Chronic stress, according to Harvard Medical School physicians, can have real physiological effects on the body, such as on the heart.
This is especially true in times of severe or sudden stress, such as the death of a loved one or disturbing news, which can cause heart stress, or even trip a mild heart attack.
According to Dr. Bhatt in the Harvard Medical Journal, this condition is known as “broken heart syndrome,” and it is much more common in women—even those with no history of heart disease.
While broken heart syndrome is frequently linked to severe forms of stress, the link between chronic stress—such as traffic, marriage, or work-related issues—and heart disease is less clear.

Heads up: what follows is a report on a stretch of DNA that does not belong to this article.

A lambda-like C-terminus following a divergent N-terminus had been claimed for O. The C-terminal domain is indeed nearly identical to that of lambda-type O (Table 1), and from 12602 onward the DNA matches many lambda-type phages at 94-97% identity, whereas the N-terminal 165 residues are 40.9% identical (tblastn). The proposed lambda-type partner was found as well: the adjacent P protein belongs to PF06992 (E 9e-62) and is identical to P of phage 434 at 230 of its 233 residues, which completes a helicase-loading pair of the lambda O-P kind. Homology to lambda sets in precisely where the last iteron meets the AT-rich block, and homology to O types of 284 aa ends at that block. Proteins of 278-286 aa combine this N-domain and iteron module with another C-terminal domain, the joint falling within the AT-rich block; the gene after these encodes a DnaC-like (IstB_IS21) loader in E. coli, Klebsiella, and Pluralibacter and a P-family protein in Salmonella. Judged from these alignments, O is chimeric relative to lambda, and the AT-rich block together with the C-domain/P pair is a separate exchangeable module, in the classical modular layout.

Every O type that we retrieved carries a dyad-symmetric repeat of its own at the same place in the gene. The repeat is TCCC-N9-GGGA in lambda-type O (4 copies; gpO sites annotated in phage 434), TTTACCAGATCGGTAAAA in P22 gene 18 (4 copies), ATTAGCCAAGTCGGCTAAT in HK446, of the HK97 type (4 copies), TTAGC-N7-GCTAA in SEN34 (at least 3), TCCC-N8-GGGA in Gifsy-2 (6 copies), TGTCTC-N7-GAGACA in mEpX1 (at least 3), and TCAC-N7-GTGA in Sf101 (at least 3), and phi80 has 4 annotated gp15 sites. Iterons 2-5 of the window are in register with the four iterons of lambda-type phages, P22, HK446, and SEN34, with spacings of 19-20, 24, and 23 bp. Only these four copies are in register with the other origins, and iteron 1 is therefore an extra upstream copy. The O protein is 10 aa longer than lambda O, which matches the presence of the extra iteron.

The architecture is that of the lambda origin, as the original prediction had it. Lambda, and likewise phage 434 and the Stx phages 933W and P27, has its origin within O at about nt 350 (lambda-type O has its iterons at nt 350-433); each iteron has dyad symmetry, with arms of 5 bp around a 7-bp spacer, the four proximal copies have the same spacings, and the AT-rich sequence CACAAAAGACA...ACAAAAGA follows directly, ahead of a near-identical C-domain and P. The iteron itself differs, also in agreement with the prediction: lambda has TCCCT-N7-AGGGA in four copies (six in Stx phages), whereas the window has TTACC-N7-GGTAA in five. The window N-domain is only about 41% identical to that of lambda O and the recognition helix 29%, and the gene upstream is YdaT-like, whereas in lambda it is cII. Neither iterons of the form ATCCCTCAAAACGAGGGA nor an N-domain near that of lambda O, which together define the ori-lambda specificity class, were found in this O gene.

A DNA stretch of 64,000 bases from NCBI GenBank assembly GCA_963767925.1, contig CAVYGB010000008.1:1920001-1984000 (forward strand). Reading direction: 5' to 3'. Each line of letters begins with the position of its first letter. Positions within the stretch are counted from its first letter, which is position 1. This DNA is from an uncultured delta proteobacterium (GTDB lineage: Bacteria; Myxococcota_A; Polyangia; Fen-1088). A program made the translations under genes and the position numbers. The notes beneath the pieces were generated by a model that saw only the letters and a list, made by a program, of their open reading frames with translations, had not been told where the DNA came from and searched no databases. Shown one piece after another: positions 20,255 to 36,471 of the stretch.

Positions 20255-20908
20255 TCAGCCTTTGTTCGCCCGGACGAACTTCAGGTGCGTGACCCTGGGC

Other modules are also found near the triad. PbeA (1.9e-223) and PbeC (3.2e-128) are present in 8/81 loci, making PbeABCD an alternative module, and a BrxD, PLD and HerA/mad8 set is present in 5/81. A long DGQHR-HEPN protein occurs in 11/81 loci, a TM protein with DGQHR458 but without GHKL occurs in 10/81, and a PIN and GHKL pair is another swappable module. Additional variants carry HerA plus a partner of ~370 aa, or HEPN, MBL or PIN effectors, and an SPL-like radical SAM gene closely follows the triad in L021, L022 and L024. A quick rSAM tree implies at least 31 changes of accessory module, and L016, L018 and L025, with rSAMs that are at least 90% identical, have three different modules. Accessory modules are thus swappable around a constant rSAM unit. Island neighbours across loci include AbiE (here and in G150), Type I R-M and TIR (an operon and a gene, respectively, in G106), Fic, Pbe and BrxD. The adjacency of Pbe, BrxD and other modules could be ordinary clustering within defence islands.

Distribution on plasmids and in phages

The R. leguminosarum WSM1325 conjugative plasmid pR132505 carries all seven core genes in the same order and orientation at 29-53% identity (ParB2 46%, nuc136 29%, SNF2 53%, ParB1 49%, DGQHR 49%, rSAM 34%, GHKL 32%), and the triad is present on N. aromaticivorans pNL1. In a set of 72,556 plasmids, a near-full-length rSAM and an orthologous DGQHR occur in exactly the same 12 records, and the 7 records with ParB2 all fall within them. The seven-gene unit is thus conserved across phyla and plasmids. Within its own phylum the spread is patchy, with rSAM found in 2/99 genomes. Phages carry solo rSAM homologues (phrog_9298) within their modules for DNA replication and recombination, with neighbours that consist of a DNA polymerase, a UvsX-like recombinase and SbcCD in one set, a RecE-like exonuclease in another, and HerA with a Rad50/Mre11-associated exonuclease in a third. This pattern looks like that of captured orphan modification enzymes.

“Stress does cause some people to act in ways that increase their risk for heart disease,” said Dr. Bhatt.
People, for example, frequently turn to comfort foods, which can clog arteries and raise blood pressure. In other cases, people engage in heart-harming behaviors such as smoking and excessive alcohol consumption, which can ultimately increase one’s risk of developing a heart condition.
“I think stress does lead to heart disease, but I think it’s through these established pathways,” said Dr. Bhatt.
The Harvard Medical School published a list of five heart-healthy tips that can help you reduce your risk of heart disease and relieve stress:
- Remain optimistic
- Develop your own “happy place.”